Translation:My brother is a university student.
My brother is a student of unversity... that makes sense to me, and it's the direct translation. I've noticed the direct translation doesn't always make sense, but in this case, it does to me.
"A student of university" is not a natural phrase in English. I don't think it's even proper grammar. You can be a student of A university or a student of THE university, but you need one or the other article in there. To say someone is a student at the university level, you would just say "university student."
in the Uk, ive heard them say things like "when do you go to university? i start university this fall". its like lunch.
That's what I put as well, but if they're saying that this sentence means "my brother is a college student." Then it shouldn't be marked right because now if I try and say this to a native, they're going to think I'm an idiot.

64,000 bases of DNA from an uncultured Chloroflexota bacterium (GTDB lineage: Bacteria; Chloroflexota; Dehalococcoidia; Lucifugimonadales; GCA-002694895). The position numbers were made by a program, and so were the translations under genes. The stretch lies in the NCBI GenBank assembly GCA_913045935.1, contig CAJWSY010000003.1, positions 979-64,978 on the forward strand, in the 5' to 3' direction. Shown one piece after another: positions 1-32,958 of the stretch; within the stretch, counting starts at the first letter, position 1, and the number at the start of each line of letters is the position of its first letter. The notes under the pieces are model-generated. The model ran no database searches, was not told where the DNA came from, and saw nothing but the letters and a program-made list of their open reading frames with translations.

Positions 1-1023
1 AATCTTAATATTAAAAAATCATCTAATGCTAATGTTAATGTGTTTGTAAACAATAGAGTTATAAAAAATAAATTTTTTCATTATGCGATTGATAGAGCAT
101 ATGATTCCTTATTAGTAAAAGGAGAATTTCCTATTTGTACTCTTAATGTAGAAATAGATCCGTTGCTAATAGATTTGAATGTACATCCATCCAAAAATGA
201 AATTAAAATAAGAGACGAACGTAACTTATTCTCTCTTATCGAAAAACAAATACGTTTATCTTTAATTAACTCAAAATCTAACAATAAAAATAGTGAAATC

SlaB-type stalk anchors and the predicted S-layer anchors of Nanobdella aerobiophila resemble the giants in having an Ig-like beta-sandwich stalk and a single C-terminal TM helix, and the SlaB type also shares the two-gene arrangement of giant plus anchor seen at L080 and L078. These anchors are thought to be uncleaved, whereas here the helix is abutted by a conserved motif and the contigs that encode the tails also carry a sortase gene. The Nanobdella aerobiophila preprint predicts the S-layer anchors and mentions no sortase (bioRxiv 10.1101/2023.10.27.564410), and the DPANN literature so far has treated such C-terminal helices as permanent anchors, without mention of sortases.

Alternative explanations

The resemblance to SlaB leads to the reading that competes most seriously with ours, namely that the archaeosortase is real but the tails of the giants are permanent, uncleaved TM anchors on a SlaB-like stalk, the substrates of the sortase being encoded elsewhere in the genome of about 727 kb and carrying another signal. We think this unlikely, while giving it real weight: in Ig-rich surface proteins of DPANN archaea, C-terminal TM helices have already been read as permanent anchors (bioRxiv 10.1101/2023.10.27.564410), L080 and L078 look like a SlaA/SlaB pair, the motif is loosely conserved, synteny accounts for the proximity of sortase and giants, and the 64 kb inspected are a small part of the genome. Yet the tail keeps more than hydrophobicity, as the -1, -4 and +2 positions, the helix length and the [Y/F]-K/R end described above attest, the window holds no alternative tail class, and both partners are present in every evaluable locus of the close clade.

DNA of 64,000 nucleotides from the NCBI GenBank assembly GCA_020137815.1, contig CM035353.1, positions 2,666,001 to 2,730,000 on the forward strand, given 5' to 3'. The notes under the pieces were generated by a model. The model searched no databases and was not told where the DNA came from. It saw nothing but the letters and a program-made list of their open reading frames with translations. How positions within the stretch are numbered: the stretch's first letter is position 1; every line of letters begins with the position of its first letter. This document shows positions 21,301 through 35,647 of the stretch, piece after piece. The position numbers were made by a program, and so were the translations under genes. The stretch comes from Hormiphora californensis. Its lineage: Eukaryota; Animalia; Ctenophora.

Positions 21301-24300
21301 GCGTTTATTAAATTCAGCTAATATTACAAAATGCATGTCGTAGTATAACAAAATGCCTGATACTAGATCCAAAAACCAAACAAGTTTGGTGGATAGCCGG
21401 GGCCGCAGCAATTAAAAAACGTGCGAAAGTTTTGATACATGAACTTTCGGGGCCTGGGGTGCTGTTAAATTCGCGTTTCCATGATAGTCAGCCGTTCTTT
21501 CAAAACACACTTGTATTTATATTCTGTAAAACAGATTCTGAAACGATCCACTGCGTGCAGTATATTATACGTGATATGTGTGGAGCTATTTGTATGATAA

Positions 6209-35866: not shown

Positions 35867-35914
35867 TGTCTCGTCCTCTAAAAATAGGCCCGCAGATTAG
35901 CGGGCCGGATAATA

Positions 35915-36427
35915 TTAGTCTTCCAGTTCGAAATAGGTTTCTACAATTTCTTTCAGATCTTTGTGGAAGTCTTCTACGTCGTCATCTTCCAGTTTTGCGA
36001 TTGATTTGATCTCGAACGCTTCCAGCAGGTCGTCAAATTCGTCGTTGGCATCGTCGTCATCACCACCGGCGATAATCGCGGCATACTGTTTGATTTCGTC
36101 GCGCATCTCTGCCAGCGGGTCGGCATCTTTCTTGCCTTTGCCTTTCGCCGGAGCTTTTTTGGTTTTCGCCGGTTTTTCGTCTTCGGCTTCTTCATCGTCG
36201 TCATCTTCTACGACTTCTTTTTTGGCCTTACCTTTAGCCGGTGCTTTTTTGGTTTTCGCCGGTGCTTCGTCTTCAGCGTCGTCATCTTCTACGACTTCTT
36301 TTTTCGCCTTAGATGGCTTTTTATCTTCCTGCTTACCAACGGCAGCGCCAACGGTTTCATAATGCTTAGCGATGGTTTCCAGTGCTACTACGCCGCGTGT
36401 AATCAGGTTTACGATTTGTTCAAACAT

I think as a community we need to stop reporting things that seem like they should be right. Or maybe we just need more people to comment on these disscusions farther down the tree, because I would much rather loose a fake heart, then some pride.
It works but it is wrong! It need to say "My brother is AN university student"
It is not wrong for this reason - even though the article 'a' precedes a 'u', in this case, the rule is not applied because of the way the u is pronounced in university, i.e. yoo rather than oo. The same would be true for union, united or universe.
"a student of university" is just horrible English so that translation is ... no lol. A student of subject, like "my brother is a student of engineering" yeah, but not "of university". Of THE university would be fine, but then you'd want to use the article "la". So it would read
"mi hermano es un estudiante de la universidad".
A thing about "de". If you remember back to the possessive lessons, we learned that de is used to denote possession.
- la camisa de él - the shirt of him(literal) - His shirt(proper)
- los zapatos de ellos - the shoes of them(literal) - Their shoes (proper)